|Maybe as the RCAHMS record says, these are natural boulders, but they're both on high points, and it's interesting that burial sites should have (once) been so close to them.
The Pech Stane. -- This stone stands on the highest point of a ridge of moderate elevation some 700 yards south-west of Billie Mains steading and 300 yards south of the public road, in the parish of Buncle. It is of quartzite, deeply pitted in the process of weathering, and measures 4 feet in height by 4 feet 6 inches by 4 feet 6. An empty cist was found in 1897 some 20 to 30 yards west of the stone, and about 1814 a large cairn about 100 yards to the west was removed. This cairn was surrounded by a ring of large boulders, and a cist was found beneath. The stone is figured in Carr's History of Coldingham Priory, p.9, and in Muirhead's Birds of Berwickshire, vol. i, p. 314. From 'History of the Berwickshire Naturalists' Club' v 26 (1923).
[..] Another stone stands on a knoll on the ridge to the south of the Lintlaw Burn. Its position is about 400 yards south by west of the Pech Stane; it is of greenstone, and measures 3 feet 3 inches in height by 3 feet 9 by 2 feet 3.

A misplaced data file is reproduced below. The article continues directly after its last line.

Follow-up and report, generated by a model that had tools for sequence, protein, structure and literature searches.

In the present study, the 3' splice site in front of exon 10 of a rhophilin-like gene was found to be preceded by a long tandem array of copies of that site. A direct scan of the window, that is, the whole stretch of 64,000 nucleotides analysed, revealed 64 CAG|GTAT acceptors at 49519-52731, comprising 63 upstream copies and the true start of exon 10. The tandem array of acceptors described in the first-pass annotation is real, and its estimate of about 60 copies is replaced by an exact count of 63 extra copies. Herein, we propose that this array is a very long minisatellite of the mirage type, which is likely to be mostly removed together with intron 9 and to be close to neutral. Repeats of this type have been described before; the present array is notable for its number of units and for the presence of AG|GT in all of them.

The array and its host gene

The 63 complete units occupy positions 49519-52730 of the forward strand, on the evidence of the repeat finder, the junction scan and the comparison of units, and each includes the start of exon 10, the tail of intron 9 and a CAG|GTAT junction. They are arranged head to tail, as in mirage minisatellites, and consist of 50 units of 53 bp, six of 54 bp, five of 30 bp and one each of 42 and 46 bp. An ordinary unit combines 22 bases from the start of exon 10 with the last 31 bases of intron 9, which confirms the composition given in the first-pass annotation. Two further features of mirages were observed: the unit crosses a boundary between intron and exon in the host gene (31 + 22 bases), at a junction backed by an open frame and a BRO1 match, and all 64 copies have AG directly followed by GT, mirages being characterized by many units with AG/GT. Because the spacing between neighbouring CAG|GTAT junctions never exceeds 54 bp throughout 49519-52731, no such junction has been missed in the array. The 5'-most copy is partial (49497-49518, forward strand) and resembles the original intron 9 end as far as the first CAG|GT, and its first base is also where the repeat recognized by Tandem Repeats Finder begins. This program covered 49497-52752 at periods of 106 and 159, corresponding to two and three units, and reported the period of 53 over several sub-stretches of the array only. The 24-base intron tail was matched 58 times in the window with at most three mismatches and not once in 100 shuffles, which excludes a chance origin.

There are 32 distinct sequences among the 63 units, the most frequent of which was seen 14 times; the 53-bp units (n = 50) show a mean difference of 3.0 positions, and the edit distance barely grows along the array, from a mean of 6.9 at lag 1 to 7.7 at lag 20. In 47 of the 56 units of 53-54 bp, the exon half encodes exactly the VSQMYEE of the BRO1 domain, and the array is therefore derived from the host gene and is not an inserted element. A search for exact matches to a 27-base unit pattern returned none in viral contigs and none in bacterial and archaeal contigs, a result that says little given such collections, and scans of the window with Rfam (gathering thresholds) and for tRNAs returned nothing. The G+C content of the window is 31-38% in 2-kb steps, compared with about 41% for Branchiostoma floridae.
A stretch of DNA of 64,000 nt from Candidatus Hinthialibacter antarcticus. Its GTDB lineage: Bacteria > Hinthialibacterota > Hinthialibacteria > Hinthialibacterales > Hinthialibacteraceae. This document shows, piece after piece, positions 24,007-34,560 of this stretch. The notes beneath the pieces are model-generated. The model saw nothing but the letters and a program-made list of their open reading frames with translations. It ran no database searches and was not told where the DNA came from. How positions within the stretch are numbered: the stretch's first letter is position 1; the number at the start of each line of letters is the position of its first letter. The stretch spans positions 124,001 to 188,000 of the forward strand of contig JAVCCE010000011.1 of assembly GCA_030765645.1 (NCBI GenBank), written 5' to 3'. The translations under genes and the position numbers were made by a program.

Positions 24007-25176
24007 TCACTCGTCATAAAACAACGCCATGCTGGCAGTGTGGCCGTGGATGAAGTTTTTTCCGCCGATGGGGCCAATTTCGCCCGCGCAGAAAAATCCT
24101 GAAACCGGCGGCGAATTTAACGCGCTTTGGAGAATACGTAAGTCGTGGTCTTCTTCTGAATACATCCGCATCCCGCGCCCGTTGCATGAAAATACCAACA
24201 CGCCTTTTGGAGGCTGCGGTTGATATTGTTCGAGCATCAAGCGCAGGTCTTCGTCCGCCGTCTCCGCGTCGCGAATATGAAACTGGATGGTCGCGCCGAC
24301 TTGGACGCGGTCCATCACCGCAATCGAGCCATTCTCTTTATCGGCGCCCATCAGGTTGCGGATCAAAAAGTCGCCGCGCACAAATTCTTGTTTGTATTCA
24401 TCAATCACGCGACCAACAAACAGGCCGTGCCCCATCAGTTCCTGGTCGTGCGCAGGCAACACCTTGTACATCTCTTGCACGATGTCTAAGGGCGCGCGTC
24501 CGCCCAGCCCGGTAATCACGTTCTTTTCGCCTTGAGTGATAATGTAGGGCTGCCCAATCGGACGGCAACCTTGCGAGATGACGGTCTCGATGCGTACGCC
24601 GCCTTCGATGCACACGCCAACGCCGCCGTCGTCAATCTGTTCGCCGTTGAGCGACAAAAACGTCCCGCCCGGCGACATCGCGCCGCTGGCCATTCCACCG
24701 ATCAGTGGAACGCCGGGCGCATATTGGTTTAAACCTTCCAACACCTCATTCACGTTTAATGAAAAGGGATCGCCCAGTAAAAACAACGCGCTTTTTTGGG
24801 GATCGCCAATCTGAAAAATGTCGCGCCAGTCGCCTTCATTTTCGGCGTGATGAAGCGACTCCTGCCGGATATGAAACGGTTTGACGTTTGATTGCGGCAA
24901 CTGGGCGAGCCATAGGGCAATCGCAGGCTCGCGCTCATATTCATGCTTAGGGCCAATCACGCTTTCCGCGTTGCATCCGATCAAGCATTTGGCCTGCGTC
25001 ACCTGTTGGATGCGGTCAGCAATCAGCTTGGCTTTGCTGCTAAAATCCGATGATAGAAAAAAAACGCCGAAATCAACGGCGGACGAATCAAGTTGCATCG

I looked in the Coldingham Priory book for the illustration, and also found -
The following fragment, for which the author is indebted to his friend Mr. George Henderson, surgeon, Chirnside, relates to the Cairn and Stone:--An older example of the rhyme can be found in the Scottish Journal, 1847.
Grisly Draedan sat alane
By the Cairn and Pech-stane;
Said Billie wi' a segg sae stout
I'll soon drive grisly Draedan out;
Draedan leuched and stalked awa,
Syne vanished in a babanqua.
The babanqua, or quagmire, into which these contentious streamlets flowed, was, no doubt, the now drained and cultivated Billy-mire. The rhyme Mr. Henderson picked up when a school-boy, from the recitation of an old farm-servant at Little Billy.
Posted by Rhiannon
4th March 2012ce
Edited 16th May 2013ce